Author Marita van der Vyver on her new book and writing about war

Acclaimed South African author Marita van der Vyver might write mainly in Afrikaans, but her work has reached an international audience through translations into English and a number of other languages.

The writer has made her home in France and she's in Cape Town for the launch of her new novel Grensgeval, translated into English as Borderline.

Joining Pippa Hudson for Wednesday's On the Yellow Couch, she says she's been wanting to write about apartheid South Africa's border war for many years.

She expands on her personal connection to the story as someone who was a teenager during the seventies, just like her female protagonist.

My classmates and brothers and cousins and friends were the young teenage boys who were caught up as conscripts.

Marita van der Vyver, Author

War stories are mostly told by men and van der Vyver says it was a challenge to approach the subject from the perspective of the women left behind.

I always like a challenge with every book - in Afrikaans we even have a genre called 'grens literatuur', border literature, the guys who've been there telling their stories.

Marita van der Vyver, Author

It's interesting to write from a woman's perspective because we weren't there, but we have to deal with the damage that's done not just in the border war, but wars in general.

Marita van der Vyver, Author

In the book, says van der Vyver, she also tries her best to imagine being "stuck in the bloody entrails" of war through a male character who keeps a journal.

She hopes Borderline will help the younger generation understand the effects of war on their own parents, sometimes manifesting in problems such as addiction and domestic violence.

Van der Vyver discusses her research for the, book what she calls "the big black hole" war leaves behind in ex-soldiers and the need for us to always have a glimmer of hope.

The Cape Town launch of "Borderline" takes place at the Book Lounge on Wednesday from 5:30 pm.

Listen to the fascinating discussion with the author here:


This article first appeared on CapeTalk : Author Marita van der Vyver on her new book and writing about war


Recommended

by NEWSROOM AI
Read More
I needed to explore my own individual voice and music, says Zolani

I needed to explore my own individual voice and music, says Zolani

Zolani Mahola, former lead singer of Freshlyground, chats about her new one-woman show “The One who Sings”.

How to prepare your pet to cope with stress of holiday season

How to prepare your pet to cope with stress of holiday season

Dr Aileen Pypers has tips and advice on helping animals through what is the most stressful part of the year for them.

Zapiro 'honoured and overwhelmed' to receive France's top cultural award

Zapiro 'honoured and overwhelmed' to receive France's top cultural award

Jonathan 'Zapiro' Shapiro joins Pippa Hudson on the Yellow Couch for an in-depth interview.

Meet the women who ensured that the Boks were in top form to bring home the cup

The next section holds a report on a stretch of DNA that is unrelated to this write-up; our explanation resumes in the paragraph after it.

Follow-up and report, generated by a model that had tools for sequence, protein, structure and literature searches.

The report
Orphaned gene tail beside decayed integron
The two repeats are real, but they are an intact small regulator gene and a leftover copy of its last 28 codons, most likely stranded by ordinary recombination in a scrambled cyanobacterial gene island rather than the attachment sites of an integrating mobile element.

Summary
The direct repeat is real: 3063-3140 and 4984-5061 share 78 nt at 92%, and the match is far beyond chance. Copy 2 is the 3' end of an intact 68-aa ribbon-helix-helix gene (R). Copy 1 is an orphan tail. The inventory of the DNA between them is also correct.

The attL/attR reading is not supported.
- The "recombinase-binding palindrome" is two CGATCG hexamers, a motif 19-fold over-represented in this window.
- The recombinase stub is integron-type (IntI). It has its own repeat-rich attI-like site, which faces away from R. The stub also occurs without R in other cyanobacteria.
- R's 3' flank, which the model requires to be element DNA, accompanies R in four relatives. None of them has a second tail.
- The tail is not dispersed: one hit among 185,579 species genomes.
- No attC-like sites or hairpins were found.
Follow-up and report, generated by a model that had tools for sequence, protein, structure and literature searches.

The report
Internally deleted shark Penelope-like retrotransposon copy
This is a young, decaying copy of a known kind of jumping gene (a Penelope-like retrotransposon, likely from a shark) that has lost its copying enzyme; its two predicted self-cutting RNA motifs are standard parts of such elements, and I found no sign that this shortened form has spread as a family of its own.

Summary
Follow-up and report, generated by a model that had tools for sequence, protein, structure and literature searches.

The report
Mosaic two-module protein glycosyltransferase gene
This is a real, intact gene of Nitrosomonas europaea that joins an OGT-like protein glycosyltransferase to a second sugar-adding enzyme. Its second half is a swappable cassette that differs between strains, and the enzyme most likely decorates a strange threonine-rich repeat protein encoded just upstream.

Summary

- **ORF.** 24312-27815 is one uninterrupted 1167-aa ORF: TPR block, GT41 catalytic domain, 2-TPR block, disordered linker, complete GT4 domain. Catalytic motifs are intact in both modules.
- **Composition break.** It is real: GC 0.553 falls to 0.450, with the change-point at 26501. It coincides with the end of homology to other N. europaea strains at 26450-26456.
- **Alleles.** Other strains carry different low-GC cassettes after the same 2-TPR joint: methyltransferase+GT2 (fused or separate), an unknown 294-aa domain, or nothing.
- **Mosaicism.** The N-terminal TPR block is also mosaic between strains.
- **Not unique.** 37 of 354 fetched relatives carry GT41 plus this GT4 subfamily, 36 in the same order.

Meet the women who ensured that the Boks were in top form to bring home the cup

The all-female team of sports physiotherapists played a key role in the management team backing the Boks during the World Cup.

Wouter Kellerman on his music, Grammy win and viral Ndlovu Youth Choir collab

Wouter Kellerman on his music, Grammy win and viral Ndlovu Youth Choir collab

Grammy Award-winning SA flautist opens up about his musical journey and his life-changing collaboration with Ndlovu Youth Choir.

Everything you need to know about "fair wear and tear" on rented property

Everything you need to know about "fair wear and tear" on rented property

Property attorney Marlon Shevelew provides a comprehensive explanation of what constitutes “fair wear and tear” in lease agreements.

Popular articles
SAA doesn't have cash flow to pay unions what they want, says airline exec

SAA doesn't have cash flow to pay unions what they want, says airline exec

Thousands of SAA workers, including cabin crew, technical and ground staff, began striking on Friday to demand higher pay.

[WATCH] Man forgets to engage handbrake, truck almost hits other cars

[WATCH] Man forgets to engage handbrake, truck almost hits other cars

Khabazela shares tweets and Facebook posts that have gone viral.

We have bent over backwards, it appears unions don't want to settle - SAA

We have bent over backwards, it appears unions don't want to settle - SAA

Sacca president, Zazi Nsibanyoni-Anyiam Mugambi and airlines acting CFO Deon Fredricks weigh in on the strike facing the airline.

Can’t find your phone? Drop everything – thieves can get into your banking app!

Can’t find your phone? Drop everything – thieves can get into your banking app!

Did someone steal your phone? Contact your bank without hesitation warns consumer journalist Wendy Knowler.

'Unions are making a mistake. SAA is dying. It’s not Eskom – we don’t need it'

'Unions are making a mistake. SAA is dying. It’s not Eskom – we don’t need it'

SAA is on its knees, cap in hand, asking taxpayers for R2 billion this month. Unions must be careful, warns Guy Leitch (SA Flyer).

Unions and SAA get ready for fight that threatens to break the ailing airline

Unions and SAA get ready for fight that threatens to break the ailing airline

Joanne Joseph plays audio from the media briefing over the impending strike.

White pupils at posh Kingswood College refer to black scholars as 'snoobab'

White pupils at posh Kingswood College refer to black scholars as 'snoobab'

"This problem is bigger than just a Kingswood problem. The relevant processes will unfold," says College Head Colleen Vassiliou.

Investors need to understand redress and sensitivities, says Eusebius

Investors need to understand redress and sensitivities, says Eusebius

Eusebius engages callers on the Richard Branson tweet that has been widely criticised for lacking diversity.